Denison’s barb Care Guide: Diet, Tank Mates, Diseases, Breeding & More

Updated: November 11, 2022

Denison’s barbs are a schooling fish that originates from the rivers of India.

They’re a beautiful and peaceful fish that’s perfect for beginners, and they’re one of our personal favorites.

But even though they’re easy to care for, there’s still a lot you need to know before you get them.

In this guide, we’ll teach you everything you need to know about Denison’s barb care. Tank size, diet, tank mates, and more.

Species overview

Denison’s barbs (scientific name: Puntius denisonii) are a freshwater fish that’s native to Sri Lanka and southern India.

They prefer slow-moving rivers and streams with a lot of vegetation. This is something that’s common among many fish species from this region of the world.

Denison’s barbs are a schooling fish, which means they like to live in groups. In the wild, these groups can sometimes number in the hundreds!

They are a peaceful fish but can be territorial toward their own species. This is something to keep in mind if you’re thinking about adding more than one Denison’s barb to your aquarium.

These fish are very popular in the aquarium scene because of their beautiful coloration. They are a silver color with black stripes running along their body.


Denison's barb

The most notable thing about Denison’s barbs is their coloration. The base color of these fish is a beautiful golden yellow.

This color is then accented by a black stripe that runs down the center of their body (from their mouth to their caudal peduncle). This stripe is bordered by a thin line of white.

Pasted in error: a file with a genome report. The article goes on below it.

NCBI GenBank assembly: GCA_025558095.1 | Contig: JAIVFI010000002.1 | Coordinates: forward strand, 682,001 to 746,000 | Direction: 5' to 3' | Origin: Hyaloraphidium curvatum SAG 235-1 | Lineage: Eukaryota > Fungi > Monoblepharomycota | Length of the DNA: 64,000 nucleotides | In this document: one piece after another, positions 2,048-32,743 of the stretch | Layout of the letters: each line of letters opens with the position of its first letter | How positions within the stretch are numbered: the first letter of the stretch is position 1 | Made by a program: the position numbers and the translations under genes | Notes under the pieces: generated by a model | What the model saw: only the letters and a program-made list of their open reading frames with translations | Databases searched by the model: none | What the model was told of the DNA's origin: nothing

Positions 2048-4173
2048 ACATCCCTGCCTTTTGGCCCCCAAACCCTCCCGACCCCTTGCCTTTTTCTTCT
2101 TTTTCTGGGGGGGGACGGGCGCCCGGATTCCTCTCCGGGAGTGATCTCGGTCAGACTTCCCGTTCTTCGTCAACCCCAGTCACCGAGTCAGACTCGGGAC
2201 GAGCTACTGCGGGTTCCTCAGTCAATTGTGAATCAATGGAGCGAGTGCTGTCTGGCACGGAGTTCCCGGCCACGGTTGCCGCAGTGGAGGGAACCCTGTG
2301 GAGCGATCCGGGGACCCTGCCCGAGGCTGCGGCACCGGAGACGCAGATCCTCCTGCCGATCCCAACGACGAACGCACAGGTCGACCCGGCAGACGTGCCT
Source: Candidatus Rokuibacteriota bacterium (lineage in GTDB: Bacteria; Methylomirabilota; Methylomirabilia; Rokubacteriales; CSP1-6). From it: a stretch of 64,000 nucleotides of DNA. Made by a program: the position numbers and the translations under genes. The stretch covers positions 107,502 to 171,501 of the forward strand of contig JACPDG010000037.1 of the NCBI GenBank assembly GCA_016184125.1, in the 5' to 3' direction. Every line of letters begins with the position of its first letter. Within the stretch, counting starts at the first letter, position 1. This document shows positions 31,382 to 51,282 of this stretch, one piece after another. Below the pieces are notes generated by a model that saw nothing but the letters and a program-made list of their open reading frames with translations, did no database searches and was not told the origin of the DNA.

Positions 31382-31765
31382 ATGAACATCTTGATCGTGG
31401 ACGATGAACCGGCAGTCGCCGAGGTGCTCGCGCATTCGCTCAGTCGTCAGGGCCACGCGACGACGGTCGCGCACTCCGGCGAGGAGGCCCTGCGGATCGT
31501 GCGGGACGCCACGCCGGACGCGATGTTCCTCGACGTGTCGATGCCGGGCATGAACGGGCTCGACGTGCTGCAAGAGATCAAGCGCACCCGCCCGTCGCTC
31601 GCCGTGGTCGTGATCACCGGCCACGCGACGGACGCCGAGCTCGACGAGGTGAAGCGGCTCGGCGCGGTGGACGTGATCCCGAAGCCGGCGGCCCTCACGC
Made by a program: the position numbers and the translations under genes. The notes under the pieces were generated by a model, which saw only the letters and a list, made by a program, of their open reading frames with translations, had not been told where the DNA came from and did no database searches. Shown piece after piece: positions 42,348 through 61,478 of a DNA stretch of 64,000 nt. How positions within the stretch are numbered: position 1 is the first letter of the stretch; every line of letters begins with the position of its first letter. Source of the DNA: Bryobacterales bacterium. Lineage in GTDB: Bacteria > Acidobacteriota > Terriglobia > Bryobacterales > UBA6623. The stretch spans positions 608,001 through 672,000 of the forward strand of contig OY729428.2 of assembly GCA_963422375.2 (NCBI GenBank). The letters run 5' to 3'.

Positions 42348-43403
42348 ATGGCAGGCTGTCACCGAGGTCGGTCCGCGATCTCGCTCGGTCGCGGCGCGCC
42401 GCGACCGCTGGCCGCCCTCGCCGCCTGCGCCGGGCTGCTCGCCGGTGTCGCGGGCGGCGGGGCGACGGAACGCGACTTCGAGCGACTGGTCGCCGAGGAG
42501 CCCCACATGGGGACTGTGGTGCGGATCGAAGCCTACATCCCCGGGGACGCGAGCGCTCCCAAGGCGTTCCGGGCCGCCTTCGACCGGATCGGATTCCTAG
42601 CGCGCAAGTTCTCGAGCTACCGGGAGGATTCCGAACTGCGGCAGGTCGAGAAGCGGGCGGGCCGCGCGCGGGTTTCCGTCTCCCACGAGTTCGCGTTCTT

The fins on Denison’s barbs are also pretty striking. The dorsal fin is tall and triangular in shape. It starts about halfway back on the body and extends almost to the tail.

The anal fin is also tall and triangular but starts closer to the tail. Both of these fins have a black stripe down the center with white borders.

The caudal fin is forked and symmetrical. The ventral and pectoral fins are also black with white borders.

Denison’s barbs are fairly small fish, only growing to be about 3-4 inches in length.


Denison’s barbs are relatively long-lived fish, with a lifespan of up to 15 years in captivity.

As with all fish, the lifespan of Denison’s barbs can be affected by a number of factors, including water quality, diet, and stress levels.

Providing them with a good quality of life will obviously help them to live longer, so it’s important to do your research before getting these fish.


Denison’s barbs can grow up to around 4 inches (10 cm) in length.


Tank Size

A single Denison’s barb can be kept in a 20 gallon tank, but we recommend going up to a 30 gallon tank if you have the space. This will give the fish room to swim and provide a little more stability to the water quality.

If you’re looking to keep a school of Denison’s barbs, we recommend a 50 gallon tank as the minimum. This will give the fish plenty of space to swim and establish their own territories.

Water Parameters

As with all fish, it’s important to maintain proper water parameters to ensure a healthy and stress-free environment. Denison’s barbs are no different. These fish are native to the flowing waters of Southeast Asia. In the wild, they inhabit fast-moving rivers with little to no vegetation.

To replicate these conditions in the home aquarium, you’ll need to maintain the following water parameters.

  • Water Temperature: 70 to 80 degrees Fahrenheit
  • pH Levels: 6.5 to 7.5
  • Water Hardness: 5 to 15 dGH
  • Alkalinity Levels: 3 to 8 dKH

What To Put In Their Tank

Denison’s barbs are a schooling fish, so it’s important to keep that in mind when setting up their habitat.

A lot of the same general principles apply here as they do with other fish. You want to create a space that’s comfortable and safe for them to swim around in.

One of the best ways to do this is by including a lot of hiding spots. This can be in the form of plants, rocks, or driftwood. The more the better!